Iranian warplanes fired at an unarmed U.S. drone in international airspace last week but did not hit the aircraft, the Pentagon said on Thursday, disclosing details of an unprecedented incident that triggered a formal warning to Tehran through diplomatic channels.
The November 1 intercept was the first time Tehran had fired at an unmanned American aircraft, in a stark reminder of how tensions between the United States and Iran could escalate quickly into violence.
If Iran had hit the drone, as the Pentagon believes it was trying to do, it could have forced American retaliation - with the potential consequences that entails.
According to the timeline provided by the Pentagon, two Iranian SU-25 "Frogfoot" aircraft intercepted the American drone at about 4:50 a.m. EST as it conducted a routine, but classified, surveillance mission over Gulf waters about 16 nautical miles off the Iranian coast.
Pentagon spokesman George Little said the aircraft fired multiple rounds at the Predator drone and followed it for at least several miles as it moved farther away from Iranian airspace.
"We believe that they fired at least twice and made at least two passes," he said.
International airspace begins after 12 nautical miles and Little said the drone at no point entered Iranian airspace. Last year, a crashed CIA drone was recovered inside Iran.
Defense Secretary Leon Panetta was quickly notified of the incident, as were members of Congress and the White House, Little added. The United States also sent Iran a warning through diplomatic channels, saying it would defend its military assets and would keep sending aircraft on such surveillance operations.
"There is absolutely no precedence for this," Little said. "This is the first time that a (drone) has been fired upon to our knowledge by Iranian aircraft."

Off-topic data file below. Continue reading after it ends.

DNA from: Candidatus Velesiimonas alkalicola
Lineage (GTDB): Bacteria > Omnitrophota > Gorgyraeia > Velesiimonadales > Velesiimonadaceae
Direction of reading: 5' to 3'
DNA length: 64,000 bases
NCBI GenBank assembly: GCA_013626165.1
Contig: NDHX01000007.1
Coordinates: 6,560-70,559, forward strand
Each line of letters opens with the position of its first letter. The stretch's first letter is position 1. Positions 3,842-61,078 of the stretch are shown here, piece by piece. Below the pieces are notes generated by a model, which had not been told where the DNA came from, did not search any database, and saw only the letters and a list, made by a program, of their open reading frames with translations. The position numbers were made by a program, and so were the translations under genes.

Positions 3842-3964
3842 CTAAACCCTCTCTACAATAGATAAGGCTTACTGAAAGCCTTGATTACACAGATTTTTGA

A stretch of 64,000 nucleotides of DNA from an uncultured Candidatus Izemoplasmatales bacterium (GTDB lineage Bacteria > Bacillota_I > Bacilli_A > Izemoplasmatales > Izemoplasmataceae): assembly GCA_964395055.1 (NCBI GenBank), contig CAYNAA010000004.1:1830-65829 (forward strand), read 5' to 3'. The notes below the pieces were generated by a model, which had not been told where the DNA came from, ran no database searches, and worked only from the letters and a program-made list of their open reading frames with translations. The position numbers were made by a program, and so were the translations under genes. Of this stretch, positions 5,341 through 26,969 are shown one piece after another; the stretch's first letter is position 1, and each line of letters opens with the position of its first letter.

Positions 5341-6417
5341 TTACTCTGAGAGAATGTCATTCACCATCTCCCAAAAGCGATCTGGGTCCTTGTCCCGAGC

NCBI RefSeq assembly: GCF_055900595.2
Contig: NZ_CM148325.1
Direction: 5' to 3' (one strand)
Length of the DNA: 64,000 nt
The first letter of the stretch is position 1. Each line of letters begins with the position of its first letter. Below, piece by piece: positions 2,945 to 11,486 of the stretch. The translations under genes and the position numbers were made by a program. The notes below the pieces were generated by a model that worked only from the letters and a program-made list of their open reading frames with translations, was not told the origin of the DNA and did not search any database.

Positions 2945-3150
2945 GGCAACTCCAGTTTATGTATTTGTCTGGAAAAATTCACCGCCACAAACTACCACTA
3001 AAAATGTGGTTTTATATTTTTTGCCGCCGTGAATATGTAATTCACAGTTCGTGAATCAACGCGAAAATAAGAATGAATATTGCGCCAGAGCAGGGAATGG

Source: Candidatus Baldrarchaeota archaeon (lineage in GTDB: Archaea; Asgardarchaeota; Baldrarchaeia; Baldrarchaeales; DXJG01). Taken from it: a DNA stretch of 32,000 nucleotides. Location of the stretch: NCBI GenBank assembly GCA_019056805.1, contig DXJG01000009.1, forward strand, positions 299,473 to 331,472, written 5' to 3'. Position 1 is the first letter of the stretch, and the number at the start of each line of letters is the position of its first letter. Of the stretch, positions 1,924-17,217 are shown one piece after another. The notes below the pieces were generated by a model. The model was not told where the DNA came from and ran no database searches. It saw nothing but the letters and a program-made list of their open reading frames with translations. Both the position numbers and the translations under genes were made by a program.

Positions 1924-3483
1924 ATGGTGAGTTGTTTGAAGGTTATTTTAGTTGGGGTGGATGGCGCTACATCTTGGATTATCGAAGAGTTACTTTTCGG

Many questions about the incident remain, including why Iranian warplanes could not manage - if they wanted - to shoot down an unarmed drone, which lacks advanced capabilities to outmaneuver them.
Asked whether the Iranian aircraft were simply firing warning shots, Little said: "Our working assumption is that they fired to take it down. You'll have to ask the Iranians why they engaged in this action."
There was no immediate comment by Iranian officials.
President Barack Obama has resisted calls from inside the United States and Israel for military action against Iran, focusing instead on crushing rounds of sanctions, which were tightened again on Thursday.
The United States imposed sanctions on Iran's communications minister and the Ministry of Culture and Islamic Guidance for jamming international satellite broadcasts to Iran and censoring and closing newspapers and detaining journalists.
The sanctions are part of broader efforts to isolate Tehran, which denies U.S. accusations that it seeks to develop nuclear weapons under the cover of its civilian atomic program.
In an effort to drive Iran to compromise, the United States and the European Union have gone for the jugular - Iran's oil exports - over the past year.
The United States and Israel, which regards a nuclear-armed Iran as a threat to its existence, have also hinted at the possibility of military strikes on Iran as a last resort.
Obama has said the United States will "do what we must" to prevent Iran from acquiring nuclear weapons and has repeatedly said that all options are on the table - code for the possibility of using force.
Additional reporting by Andrew Quinn; Editing by Peter Cooney
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